Continuing from Cultural Notes on the World of Firefighters and Just a guy thing?
A couple months ago I married a guy who volunteers with our local fire department as a chaplain and EMT... something I realized from our very first date was way more than a little hobby on the side. For part 3 of my little series on dispatches on life in the fire district, let me just share a few of the "aha!" discoveries that have helped me get how this part of my husband's world really works.
So, what firemen are there for is to put out fires, right?
Nope. That's what I thought, but it's not true. Fires are rare, and I understand it's bad form to cheer if you get to put one out (at least don't look happy in front of the homeowner!).
More than 80 percent of the 911 calls that go to the fire department are not fire-related but "medical." Somebody has been in an accident, or fainted, or thinks they're having a heart attack or stroke. They've fallen and can't get up. Or maybe they are fine but they saw someone else who seemed to be in trouble and called on their behalf. If it's a dangerous situation, the police may go in first, and they will have the fire department called in to assist if someone is hurt.
Since so much of the work is on the medical side, many of the fire district volunteers aren't authorized or expected to go into fires at all, but they have plenty of work to do responding to medical emergencies and dangers (even on a fire scene). These are the EMT's. Some of them also hold jobs as nurses, medical assistants, or paramedics.
What about rescuing kitties from trees?
Oh, come on, when's the last time you walked by a tree and saw a cat skeleton? Those little buggers can take care of themselves pretty well.
Fishermen stranded on sandbars? That's another story!
When an ambulance or fire truck goes by, especially with sirens on, we should stop and pray because someone's in trouble, right?
It's never a bad idea to pray... Most of the time when someone calls 911 and the fire department and/or police gets sent out, it's for something the caller considers an emergency. It's true that somebody could be dying. There may have been an accident or a house could be on fire.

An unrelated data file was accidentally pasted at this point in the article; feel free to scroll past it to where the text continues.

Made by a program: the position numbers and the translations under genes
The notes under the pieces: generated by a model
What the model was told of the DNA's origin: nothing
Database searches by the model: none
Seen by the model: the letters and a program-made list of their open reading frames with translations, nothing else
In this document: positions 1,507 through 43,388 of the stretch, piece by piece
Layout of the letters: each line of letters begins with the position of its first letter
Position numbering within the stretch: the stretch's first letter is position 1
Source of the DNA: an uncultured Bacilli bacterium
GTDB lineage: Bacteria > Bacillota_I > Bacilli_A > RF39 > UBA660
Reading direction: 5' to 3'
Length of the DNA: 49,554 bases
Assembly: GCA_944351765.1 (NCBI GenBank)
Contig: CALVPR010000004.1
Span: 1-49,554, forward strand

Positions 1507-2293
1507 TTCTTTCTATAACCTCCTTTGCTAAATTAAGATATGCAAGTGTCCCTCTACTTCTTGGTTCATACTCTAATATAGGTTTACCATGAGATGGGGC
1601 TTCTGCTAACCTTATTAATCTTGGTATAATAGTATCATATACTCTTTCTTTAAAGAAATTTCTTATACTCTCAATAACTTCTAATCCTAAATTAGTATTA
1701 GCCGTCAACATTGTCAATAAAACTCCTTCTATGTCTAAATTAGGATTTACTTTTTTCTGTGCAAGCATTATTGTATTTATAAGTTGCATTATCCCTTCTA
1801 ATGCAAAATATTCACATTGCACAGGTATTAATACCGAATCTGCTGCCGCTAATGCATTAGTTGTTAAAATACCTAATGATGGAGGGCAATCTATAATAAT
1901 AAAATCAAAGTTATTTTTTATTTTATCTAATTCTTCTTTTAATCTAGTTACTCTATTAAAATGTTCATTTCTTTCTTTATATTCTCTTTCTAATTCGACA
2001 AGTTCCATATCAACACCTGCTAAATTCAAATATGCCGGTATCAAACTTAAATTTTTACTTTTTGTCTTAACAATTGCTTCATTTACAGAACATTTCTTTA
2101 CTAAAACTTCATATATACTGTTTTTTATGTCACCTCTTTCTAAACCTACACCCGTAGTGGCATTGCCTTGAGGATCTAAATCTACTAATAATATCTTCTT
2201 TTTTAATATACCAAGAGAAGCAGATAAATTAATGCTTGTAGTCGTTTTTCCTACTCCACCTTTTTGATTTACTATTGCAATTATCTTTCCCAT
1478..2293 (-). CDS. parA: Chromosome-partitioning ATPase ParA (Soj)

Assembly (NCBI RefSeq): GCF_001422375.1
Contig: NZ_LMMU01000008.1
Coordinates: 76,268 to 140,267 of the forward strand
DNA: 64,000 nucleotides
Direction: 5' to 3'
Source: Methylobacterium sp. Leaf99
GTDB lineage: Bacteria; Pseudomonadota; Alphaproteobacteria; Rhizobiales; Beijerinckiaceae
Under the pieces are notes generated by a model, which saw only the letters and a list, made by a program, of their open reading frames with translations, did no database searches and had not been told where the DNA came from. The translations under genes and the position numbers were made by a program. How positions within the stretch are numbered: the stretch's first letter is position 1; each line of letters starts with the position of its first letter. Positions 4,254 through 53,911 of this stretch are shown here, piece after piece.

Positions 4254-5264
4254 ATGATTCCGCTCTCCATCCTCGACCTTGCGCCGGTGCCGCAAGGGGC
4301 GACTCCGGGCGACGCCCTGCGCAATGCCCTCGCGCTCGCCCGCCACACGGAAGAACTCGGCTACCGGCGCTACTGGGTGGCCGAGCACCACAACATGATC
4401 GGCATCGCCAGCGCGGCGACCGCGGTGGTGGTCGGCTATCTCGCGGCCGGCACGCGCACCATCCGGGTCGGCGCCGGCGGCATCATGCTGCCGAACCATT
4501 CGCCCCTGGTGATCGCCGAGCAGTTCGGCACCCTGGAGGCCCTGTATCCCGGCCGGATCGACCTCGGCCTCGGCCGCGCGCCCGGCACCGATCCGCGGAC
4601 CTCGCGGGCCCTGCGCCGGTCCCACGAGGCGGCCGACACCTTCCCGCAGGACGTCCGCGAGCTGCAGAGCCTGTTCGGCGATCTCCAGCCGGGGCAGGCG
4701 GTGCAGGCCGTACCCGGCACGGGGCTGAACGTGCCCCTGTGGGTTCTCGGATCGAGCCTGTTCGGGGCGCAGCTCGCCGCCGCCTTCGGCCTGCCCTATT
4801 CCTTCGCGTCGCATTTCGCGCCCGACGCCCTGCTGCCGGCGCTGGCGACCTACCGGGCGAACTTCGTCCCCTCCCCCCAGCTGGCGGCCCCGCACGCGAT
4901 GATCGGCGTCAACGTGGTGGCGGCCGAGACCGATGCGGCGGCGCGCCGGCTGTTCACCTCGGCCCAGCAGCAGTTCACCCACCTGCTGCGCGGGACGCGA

But most of the time it's not like that. Sometimes the problem is resolved before the fire department gets there or doesn't turn out to be a problem after all. So when you see or hear them on the road, know that the fire trucks and the medics may be on their way to help someone who doesn't want or need help or to investigate something that turns out to be quite minor in the end. I guess that's a good thing, huh?
One more interesting note: When you see a fire truck out and about they may be just getting gas or running some other errand. I see full-time staff from the various fire departments all the time at our local grocery store. Hubs tells me they've just come to do their shopping. That's right, the station fridge must be kept well stocked, and since you're on the job and need to be ready to respond, you bring your stuff with you when you go to the store. Nobody packs their own sack lunch at home and eats at their "desk." They like to shop, cook, and eat together! I'm tempted to drop by and knock on the door at lunch time. See if these handy folks are also good cooks.
Have you seen commercials for the new TV show this fall, "Chicago Fire"? I'd like to check it out and see how accurate it is. Hubs, though, is skeptical and not really interested. Who wants to watch that kind of stuff when you deal with it all the time?